You are here: Home » Courses » Advanced Linear Algebra » Advanced Linear Algebra, Fall 2012 » Syllabus

courses:advanced_linear_algebra:fall_2012:syllabus

The instructor is Dr. Jason Grout, Howard 203A, (515) 271-3113, jason.grout@drake.edu. The best way to contact me is in class or via email.

Office hours are MW at 11:00-12:20 and 1:45-2:30. If you would like to see me and those times don't work, please schedule an appointment.

Meeting with students one-on-one or in small groups during office hours is one my favorite parts about being a teacher. Often we can address topics more individually or in greater depth than we can during class. On the other hand, one of the hardest things is seeing a student that is struggling that won't come in for help. Please come in if you have questions or want to talk.

Our primary textbook is *Numerical Linear Algebra* by Trefethen and Bau (ISBN 0898713617). The first few chapters are available online.

An optional text that contains lots of examples on our subject material is Datta's *Numerical Linear Algebra and Applications, Second Edition* (ISBN 0898716853).

There are also several other textbooks that I recommend if you want background information about linear algebra. These cover the material from Math 80, as well as probably some additional material.

*A First Course in Linear Algebra*by Rob Beezer. This is free open-source textbook that is very comprehensive and is used in many places.*Schaum's Outline of Beginning Linear Algebra*, by Seymour Lipschutz (ISBN 0070380376, ISBN-13 978-0070380370). You can buy it on Amazon.com or any number of other places for something like $13. There are several thousand worked-out problems and lots of explanation about linear algebra.*Linear Algebra*by David Lay. The current edition (4th edition) sells for around $115, but the previous edition is [[http://www.amazon.com/Linear-Algebra-Applications-Updated-CD-ROM/dp/0321287134/ref=cm_cr_pr_sims_t|on Amazon.com]] for around $20 used. This is a very nice book that is used many places.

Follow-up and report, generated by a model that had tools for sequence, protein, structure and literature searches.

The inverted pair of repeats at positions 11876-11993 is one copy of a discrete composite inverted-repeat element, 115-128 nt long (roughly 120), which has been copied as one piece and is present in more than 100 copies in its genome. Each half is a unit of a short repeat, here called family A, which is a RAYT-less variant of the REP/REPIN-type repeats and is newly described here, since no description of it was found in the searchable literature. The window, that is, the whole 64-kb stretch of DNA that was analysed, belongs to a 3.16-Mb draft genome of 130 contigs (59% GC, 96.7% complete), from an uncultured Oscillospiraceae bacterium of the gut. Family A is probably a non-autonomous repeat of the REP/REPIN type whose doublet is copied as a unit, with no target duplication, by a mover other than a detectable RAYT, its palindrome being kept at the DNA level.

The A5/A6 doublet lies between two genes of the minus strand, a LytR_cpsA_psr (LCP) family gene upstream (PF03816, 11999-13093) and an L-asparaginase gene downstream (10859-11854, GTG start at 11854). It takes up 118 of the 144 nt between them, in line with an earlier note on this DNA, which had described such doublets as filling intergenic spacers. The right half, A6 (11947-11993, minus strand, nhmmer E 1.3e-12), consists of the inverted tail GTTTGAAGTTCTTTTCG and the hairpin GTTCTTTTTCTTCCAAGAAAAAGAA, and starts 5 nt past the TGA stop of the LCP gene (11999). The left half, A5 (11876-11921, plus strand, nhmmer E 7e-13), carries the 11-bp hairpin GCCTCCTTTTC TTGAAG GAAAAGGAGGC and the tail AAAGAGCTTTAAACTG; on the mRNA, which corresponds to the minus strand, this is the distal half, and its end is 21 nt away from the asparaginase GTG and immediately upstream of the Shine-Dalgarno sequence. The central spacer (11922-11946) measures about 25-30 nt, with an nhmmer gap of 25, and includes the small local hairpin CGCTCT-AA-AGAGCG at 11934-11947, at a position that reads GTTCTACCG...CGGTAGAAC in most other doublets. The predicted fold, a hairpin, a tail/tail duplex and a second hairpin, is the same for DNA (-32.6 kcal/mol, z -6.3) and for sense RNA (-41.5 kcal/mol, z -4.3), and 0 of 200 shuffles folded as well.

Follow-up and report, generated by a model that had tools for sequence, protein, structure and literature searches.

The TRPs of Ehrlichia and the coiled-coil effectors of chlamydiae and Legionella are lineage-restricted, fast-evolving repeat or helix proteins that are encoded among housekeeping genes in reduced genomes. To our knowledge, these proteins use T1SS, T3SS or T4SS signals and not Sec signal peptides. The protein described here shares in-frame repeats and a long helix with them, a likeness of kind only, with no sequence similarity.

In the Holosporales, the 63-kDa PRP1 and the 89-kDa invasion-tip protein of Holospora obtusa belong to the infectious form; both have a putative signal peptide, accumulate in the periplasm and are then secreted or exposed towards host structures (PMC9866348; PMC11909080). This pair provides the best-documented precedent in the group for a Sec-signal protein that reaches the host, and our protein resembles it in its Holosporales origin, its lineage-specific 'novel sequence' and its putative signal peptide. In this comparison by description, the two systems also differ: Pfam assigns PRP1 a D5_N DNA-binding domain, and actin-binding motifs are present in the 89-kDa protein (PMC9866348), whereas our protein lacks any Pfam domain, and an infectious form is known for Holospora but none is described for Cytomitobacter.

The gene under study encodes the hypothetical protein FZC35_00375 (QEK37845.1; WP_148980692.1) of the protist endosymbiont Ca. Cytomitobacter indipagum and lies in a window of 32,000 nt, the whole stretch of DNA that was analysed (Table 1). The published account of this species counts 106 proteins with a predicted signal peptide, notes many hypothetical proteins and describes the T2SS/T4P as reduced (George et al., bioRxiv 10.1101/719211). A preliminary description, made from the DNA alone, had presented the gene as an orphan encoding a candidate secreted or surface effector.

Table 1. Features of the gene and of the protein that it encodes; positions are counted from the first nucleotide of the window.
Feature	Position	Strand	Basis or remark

We will cover the material following the book by Trefethen and Bau. The textbook is very good about presenting the key concepts, and we will be filling in a lot of the details as we go along.

An average college student in this class should expect to spend an average of 2-3 hours in classwork outside of class for every hour in the classroom (i.e., for this class, plan on 6-9 hours of work per week outside of class). You may need to spend more time to earn an A.

Late work will not be accepted, except possibly in extreme circumstances.

There will be a midterm examination approximately halfway through the course and a small examination at the end of the course. There will be other short quizzes as the need arises.

At the end of the semester, we will have a final project. Details about this final project will be coming later in the class.

According to Drake's Final Exam Schedule, our final exam period Monday, Dec 10, 9:30–11:20 am. I plan to have the final project presentations during that time.

The grades will be determined as follows:

Component | Percentage |
---|---|

Classwork/homework and presentations | 50% |

Exams/Quizzes | 20% |

Final Project | 30% |

There may be a curve applied at the end of the semester, so the standard percentage grade breaks (90%, 80%, etc.) may be adjusted either up or down.

“Academic dishonesty is an all-encompassing term involving any activity that seeks to gain credit for work one has not done or to deliberately damage or destroy the work of others.” See http://www.drake.edu/dos/handbook/academic.php#as for details of what constitutes cheating, plagiarism, or other forms of academic dishonesty. For example:

- Plagiarism is the misrepresentation, either by intent or negligence, of another’s ideas, phrases, discourse, or works as one’s own.
- Cheating is the act, or attempted act, of giving or obtaining aid and/or information by illicit means in meeting any academic requirement, including examinations.

Cases of academic dishonesty will result in at least a failing grade on the assignment and may also result in a failing grade in the course. Cases will also be reported to appropriate university officials.

If you have a disability and will require academic accommodations in this course, I would be happy to discuss your needs. Accommodations are coordinated through Student Disability Services (first floor Old Main). Please contact Michelle Laughlin, Director of Student Disability Service, at 271-1835 or michelle.laughlin@drake.edu.

This syllabus is subject to change. Changes will be communicated via at least one of the course website, email, or in class.

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